Of course you can have bad luck in the silicon lotery and get a chip that runs unstable when overclocking.
I run the 8600k at a fixed clock rate of 4.4GHz (disabled energy-saving and Turbo-Boost) without much testing. I think I could easily push it to at least 4.8, but then I should change the cooler.
 

Quasar

Senior Member
It seems like OC'ing used to be "edgy", but has long since become entirely mainstream. My thought a few years ago was that for running a DAW, cool and rock-solid stable at stock speeds was preferable to taking chances, however slight. But this is probably old-fashioned thinking, since many of the higher-end CPUs (presumably targeting the gamers) are clearly marketed as OC friendly, or as you say, designed to be overclockable.
 

Ben

VSL Support
Keep in mind to buy a good mainboard. With solid hardware and a good BIOS/UEFI it is really easy to overclock a CPU and it is almost impossible to break the hardware as long as you are a little bit careful and use common sense.
For example the i5 8600k has a base clock of 3.1GHz and a turbo of 4.3GHz. You will find some overclockers that push this CPU to 5.2GHz.

AMD CPUs just don't like overclocking and it is mostly not worth it to invest time and money into overclocking them. Even the Ryzen 3xxx don't overclock good compared to Intel CPUs
 

chimuelo

Star Of Stage & Screen
This guy has always been one of my go to nerds.
He’s confirmed my suspicions as I was on a short list for a DeLidded 3700X.
But once I read more than one person saying they really didn’t scale well and required top shelf VRMs I knew DeLidding was a waste of time.

Cracked me up when he added the Liquid Metal, it was obvious it wasn’t going to work as well due to it being so much shorter in height than the substrate.

OC’ing aside, the good news is the 3000’s IPC improvement are a little better than AMDs prediction @ CES.

Once they get to the point they can overclock all core’s in the mid 4.5 range the IPC will be glorious.
I wouldn’t clock these, they seem to be the CPU everybody warned us about that will melt down, like the guy I follow who Clicked his to death..
 
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Solarsentinel

Member
Curious, what do you mean by better value? Why would some CPUs be better suited for non-overclockers? Higher performance is higher performance after all, no?

I don't overclock, and when I bought the i7 2600 I purposely avoided the K because I didn't want to be tempted by the unlocked multiplier, even though the cost difference was negligible and there was a minor performance disparity. But wouldn't you want the most powerful CPU you can get whether you overclock or not?
You had probably right before, but this didn't apply anymore because on the "k" intel chips the k is no longer just a possibility of an overclok but their base frequencies are much more higher than non k processors. (exple: i9 9900 = 3.1 ghz base clock i9 9900k = 3.6 ghz base clock)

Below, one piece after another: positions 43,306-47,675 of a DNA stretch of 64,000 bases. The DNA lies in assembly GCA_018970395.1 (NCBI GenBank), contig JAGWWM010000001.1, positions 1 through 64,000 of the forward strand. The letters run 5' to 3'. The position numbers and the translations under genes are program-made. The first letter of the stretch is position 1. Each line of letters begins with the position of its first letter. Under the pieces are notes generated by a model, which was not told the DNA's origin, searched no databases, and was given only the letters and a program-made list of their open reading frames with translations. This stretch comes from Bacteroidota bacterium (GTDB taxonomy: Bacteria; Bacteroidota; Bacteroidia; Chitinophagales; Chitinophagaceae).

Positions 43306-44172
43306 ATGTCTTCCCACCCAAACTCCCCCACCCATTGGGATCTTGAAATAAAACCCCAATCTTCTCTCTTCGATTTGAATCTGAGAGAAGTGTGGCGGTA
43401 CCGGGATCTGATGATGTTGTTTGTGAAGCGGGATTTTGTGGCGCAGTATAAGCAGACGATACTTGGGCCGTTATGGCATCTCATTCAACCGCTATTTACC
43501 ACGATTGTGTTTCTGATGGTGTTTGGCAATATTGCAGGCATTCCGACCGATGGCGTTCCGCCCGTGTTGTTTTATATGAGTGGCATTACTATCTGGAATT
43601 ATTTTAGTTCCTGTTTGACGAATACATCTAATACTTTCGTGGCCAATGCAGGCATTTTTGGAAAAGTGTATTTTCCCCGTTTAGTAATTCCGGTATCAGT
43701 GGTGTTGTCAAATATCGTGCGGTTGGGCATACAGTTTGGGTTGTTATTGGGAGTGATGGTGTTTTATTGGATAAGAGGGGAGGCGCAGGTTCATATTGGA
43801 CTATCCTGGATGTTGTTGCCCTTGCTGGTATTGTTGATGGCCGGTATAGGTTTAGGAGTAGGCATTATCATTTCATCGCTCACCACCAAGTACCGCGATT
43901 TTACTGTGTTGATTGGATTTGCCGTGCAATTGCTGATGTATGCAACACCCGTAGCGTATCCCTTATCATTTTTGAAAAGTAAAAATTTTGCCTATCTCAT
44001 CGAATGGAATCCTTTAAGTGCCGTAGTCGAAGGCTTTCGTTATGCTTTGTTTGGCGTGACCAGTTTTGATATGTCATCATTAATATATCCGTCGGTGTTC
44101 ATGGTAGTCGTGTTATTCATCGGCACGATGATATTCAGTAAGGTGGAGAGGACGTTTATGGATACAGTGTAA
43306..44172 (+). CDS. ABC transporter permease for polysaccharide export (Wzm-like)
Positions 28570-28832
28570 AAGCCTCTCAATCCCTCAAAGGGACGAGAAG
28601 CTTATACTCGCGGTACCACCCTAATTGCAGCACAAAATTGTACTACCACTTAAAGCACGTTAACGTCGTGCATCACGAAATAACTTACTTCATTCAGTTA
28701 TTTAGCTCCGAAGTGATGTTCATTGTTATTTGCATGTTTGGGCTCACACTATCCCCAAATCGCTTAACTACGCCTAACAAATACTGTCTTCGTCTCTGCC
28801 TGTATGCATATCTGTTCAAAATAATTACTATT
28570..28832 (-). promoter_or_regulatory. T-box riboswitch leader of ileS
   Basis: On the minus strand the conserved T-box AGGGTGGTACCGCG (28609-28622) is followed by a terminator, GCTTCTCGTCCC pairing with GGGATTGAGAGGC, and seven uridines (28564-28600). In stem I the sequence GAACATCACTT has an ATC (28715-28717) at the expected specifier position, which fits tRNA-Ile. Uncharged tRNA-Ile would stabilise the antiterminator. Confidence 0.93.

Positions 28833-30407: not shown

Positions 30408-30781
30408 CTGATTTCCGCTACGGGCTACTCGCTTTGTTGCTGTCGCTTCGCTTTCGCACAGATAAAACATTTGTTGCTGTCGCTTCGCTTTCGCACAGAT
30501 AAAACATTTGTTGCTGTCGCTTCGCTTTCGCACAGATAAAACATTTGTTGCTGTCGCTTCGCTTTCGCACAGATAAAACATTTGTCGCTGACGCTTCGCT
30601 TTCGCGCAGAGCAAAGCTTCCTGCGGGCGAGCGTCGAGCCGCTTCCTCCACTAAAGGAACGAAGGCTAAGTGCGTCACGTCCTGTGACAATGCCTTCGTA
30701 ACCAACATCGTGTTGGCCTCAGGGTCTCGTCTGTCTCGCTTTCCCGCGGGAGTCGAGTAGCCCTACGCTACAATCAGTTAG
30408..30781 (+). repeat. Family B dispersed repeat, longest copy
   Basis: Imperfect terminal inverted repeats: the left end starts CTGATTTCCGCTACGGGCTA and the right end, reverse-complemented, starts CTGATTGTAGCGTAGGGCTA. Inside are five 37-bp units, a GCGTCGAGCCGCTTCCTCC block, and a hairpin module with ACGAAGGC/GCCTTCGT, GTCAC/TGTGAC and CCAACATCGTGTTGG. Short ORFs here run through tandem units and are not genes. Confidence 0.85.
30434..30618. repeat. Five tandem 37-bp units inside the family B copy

Mornats

Senior Member
It seems like OC'ing used to be "edgy", but has long since become entirely mainstream. My thought a few years ago was that for running a DAW, cool and rock-solid stable at stock speeds was preferable to taking chances, however slight. But this is probably old-fashioned thinking, since many of the higher-end CPUs (presumably targeting the gamers) are clearly marketed as OC friendly, or as you say, designed to be overclockable.
Yeah I remember the days when me and my brother would sweat over voltages and FSB speeds and so on, hoping we'd not done anything to fry the chip. My i7 4790k is overclocked to 4.5ghz just by selecting the smart overclock button on the bios. Where's the fun in that? :)
 

pderbidge

Senior Member
Curious, what do you mean by better value? Why would some CPUs be better suited for non-overclockers? Higher performance is higher performance after all, no?

I don't overclock, and when I bought the i7 2600 I purposely avoided the K because I didn't want to be tempted by the unlocked multiplier, even though the cost difference was negligible and there was a minor performance disparity. But wouldn't you want the most powerful CPU you can get whether you overclock or not?
I'll give you an example of what I mean. Say you buy an i9 9900K and you have no intentions of overclocking so you pair it with a low cost board like the the Asus Prime Z390-P. This board uses a 4 Phase VRM with doubling and tiny heatsinks. Since the function of the VRM is to deal with the Power Draw on the CPU it is important to get a motherboard with enough VRM capability that it can handle the heat and the load so that it doesn't end up throttling your CPU. I think you might see where I'm going with this since this particular Asus board was not the greatest of the Z390 boards. So this particular board is known not to handle overclocking well but you might think "so what?" I'm not overclocking anyways. Well, the only issue is that in order to get your money's worth from the i9 9900k you still want to benefit from Turbo Boost, which is sort of Intel's own "approved" overclocking right? The problem is, even if you have a decent CPU cooler, when turbo boost kicks in and starts to boost the core frequency of the CPU the VRMS start to heat up and since this boards VRMS arent' the best and on top of that didn't use the best heatsinks they start to overheat and in turn will throttle the CPU back down to regain stability and your Turbo boost ends up not sustaining itself for long enough periods of time to benefit from the technology. So the only thing you are benefiting from, in this scenario, is the better IPC of the i9 at "regular" clock speeds but really nothing more than that. Those benefits would be like maybe 2 to 5 percent at best improvements. You would be better off investing into a cheaper CPU with similar clock speeds and the difference into something like an SSD where you would see more benefits.